“I went to the hospital and then started receiving bills and bills,” Nuñez said, asking if he will still be penalized for not enrolling this year.
Nuñez still does not know who he will vote for and said he has not had time to look into the candidates because of his long work hours.
The district’s robust immigrant population means many are paying attention to U.S. foreign policy towards their native countries.
For, Maria Gonzalez, 58, a Cuban-American who is not working due to disability, her primary concern when voting is Cuba. She wants the U.S. trade embargo lifted.
“I am anti-communist, but politicians talk about Cuba just to gain a vote,” she said.
Curbelo said, “I’m for conditional engagement. If the Cuban government starts showing that they’re serious about engaging the Unites States in a meaningful way, I’m open to that,” and used the return of American fugitives as an example.
In an emailed statement, Mucarsel-Powell said ending the embargo should only happen if the United States "can get concessions in return for the Cuban people," including a free press, elections and an exchange of ideas, as well the release of political prisoners.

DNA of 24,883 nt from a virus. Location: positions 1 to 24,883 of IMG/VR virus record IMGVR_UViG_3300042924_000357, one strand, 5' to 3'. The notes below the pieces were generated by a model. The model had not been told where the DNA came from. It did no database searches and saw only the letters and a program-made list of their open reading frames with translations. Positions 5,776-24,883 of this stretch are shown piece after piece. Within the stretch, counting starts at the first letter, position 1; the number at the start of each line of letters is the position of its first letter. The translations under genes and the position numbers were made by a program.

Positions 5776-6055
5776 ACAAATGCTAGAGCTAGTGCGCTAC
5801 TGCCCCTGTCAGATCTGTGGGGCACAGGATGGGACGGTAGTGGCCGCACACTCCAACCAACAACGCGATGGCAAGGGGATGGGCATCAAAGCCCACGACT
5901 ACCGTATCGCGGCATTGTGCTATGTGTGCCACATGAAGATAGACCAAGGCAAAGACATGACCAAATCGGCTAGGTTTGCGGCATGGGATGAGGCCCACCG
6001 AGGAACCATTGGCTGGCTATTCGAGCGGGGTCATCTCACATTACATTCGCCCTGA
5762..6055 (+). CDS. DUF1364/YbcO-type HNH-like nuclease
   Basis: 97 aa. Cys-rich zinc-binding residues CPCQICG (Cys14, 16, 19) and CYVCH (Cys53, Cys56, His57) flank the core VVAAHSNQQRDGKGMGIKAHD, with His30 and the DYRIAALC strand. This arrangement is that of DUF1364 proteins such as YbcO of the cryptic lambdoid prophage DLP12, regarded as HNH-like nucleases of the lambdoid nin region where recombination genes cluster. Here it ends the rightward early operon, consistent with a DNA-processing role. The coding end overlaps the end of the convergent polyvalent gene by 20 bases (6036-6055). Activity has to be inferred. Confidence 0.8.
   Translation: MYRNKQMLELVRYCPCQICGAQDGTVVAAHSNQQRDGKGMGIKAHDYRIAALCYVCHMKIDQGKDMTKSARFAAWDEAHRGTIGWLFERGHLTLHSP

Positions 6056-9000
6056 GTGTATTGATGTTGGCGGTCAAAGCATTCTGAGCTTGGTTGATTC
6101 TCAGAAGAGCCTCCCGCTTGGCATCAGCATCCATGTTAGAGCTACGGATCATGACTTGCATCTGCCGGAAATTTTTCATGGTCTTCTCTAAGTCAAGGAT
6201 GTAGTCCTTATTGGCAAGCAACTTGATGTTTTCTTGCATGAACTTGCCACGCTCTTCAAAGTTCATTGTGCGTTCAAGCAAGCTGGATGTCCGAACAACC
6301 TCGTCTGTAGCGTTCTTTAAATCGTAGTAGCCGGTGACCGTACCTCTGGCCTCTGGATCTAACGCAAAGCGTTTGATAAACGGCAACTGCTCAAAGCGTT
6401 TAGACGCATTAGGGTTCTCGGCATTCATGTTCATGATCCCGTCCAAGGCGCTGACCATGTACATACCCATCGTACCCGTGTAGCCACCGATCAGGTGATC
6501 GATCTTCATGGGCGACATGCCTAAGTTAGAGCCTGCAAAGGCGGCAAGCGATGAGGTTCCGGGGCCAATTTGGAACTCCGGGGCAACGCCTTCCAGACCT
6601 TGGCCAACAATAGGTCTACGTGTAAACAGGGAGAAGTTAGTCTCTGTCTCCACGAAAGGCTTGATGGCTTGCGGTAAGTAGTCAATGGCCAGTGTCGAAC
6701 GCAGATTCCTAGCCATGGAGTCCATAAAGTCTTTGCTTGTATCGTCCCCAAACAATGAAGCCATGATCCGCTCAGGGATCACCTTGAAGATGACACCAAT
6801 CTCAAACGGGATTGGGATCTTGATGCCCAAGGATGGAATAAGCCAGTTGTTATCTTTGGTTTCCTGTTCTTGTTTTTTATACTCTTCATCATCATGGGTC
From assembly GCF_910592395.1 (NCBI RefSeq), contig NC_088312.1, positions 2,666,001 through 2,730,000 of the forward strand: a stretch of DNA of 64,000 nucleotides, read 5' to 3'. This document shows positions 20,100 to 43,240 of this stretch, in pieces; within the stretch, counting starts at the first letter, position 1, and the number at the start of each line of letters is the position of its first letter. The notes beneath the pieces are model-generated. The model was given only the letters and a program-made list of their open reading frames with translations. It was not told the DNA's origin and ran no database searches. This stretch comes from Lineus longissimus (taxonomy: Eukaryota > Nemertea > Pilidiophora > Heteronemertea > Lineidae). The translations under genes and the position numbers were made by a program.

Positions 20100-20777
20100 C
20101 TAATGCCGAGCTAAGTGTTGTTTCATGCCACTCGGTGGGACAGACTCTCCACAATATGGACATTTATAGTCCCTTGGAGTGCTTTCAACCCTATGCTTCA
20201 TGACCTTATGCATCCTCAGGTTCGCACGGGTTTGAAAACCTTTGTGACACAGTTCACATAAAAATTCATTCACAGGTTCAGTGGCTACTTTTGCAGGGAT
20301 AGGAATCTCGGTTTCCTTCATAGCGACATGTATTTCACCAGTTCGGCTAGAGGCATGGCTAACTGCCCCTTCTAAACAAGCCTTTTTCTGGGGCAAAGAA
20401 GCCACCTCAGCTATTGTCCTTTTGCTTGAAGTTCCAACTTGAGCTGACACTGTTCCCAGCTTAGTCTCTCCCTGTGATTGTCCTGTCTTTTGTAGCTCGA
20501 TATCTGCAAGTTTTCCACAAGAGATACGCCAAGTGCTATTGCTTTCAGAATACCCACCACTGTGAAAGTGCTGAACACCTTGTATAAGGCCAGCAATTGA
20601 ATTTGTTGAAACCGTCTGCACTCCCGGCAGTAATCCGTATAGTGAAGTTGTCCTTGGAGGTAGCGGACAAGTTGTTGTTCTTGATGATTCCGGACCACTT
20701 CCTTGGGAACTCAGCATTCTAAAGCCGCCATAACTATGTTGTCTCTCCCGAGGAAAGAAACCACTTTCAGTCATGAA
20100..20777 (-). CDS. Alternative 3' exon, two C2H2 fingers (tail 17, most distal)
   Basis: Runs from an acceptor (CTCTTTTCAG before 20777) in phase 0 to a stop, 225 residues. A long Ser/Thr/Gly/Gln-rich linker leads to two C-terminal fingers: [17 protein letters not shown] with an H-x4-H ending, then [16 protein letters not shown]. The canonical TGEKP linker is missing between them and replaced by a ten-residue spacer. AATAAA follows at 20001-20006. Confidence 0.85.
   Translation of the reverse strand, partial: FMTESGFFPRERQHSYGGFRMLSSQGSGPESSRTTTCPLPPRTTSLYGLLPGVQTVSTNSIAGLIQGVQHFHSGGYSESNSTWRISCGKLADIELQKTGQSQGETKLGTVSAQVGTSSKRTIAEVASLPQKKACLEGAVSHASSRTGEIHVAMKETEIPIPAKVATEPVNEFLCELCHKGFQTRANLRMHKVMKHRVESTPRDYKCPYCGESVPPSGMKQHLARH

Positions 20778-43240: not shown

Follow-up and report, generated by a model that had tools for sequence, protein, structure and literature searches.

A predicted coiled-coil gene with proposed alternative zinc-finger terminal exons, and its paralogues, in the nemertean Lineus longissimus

With Venezuela in near collapse under its current president Nicolás Maduro, Mucarsel-Powell said she supports cutting all economic ties with the government and imposing oil sanctions.
Curbelo is more hawkish and doesn’t believe a military option should be taken off the table,
“That doesn’t mean an invasion of Venezuela,” he said. “We have seen in Syria how the U.S. has held the regime accountable without invading.”
Florida International University political science professor Eduardo Gamarra, thinks Curbelo has a good chance of keeping his seat.
Aside from having name recognition and being Cuban-American, Curbelo "has done very well in terms of trying to position himself on immigration issues [and] differentiating himself from Trump," said Gamarra.
But he conceded it's a tight race. Mucarsel-Powell has been spending a lot of money on bilingual advertising, and analysts see the race at a dead heat, with about a month to go before the midterms.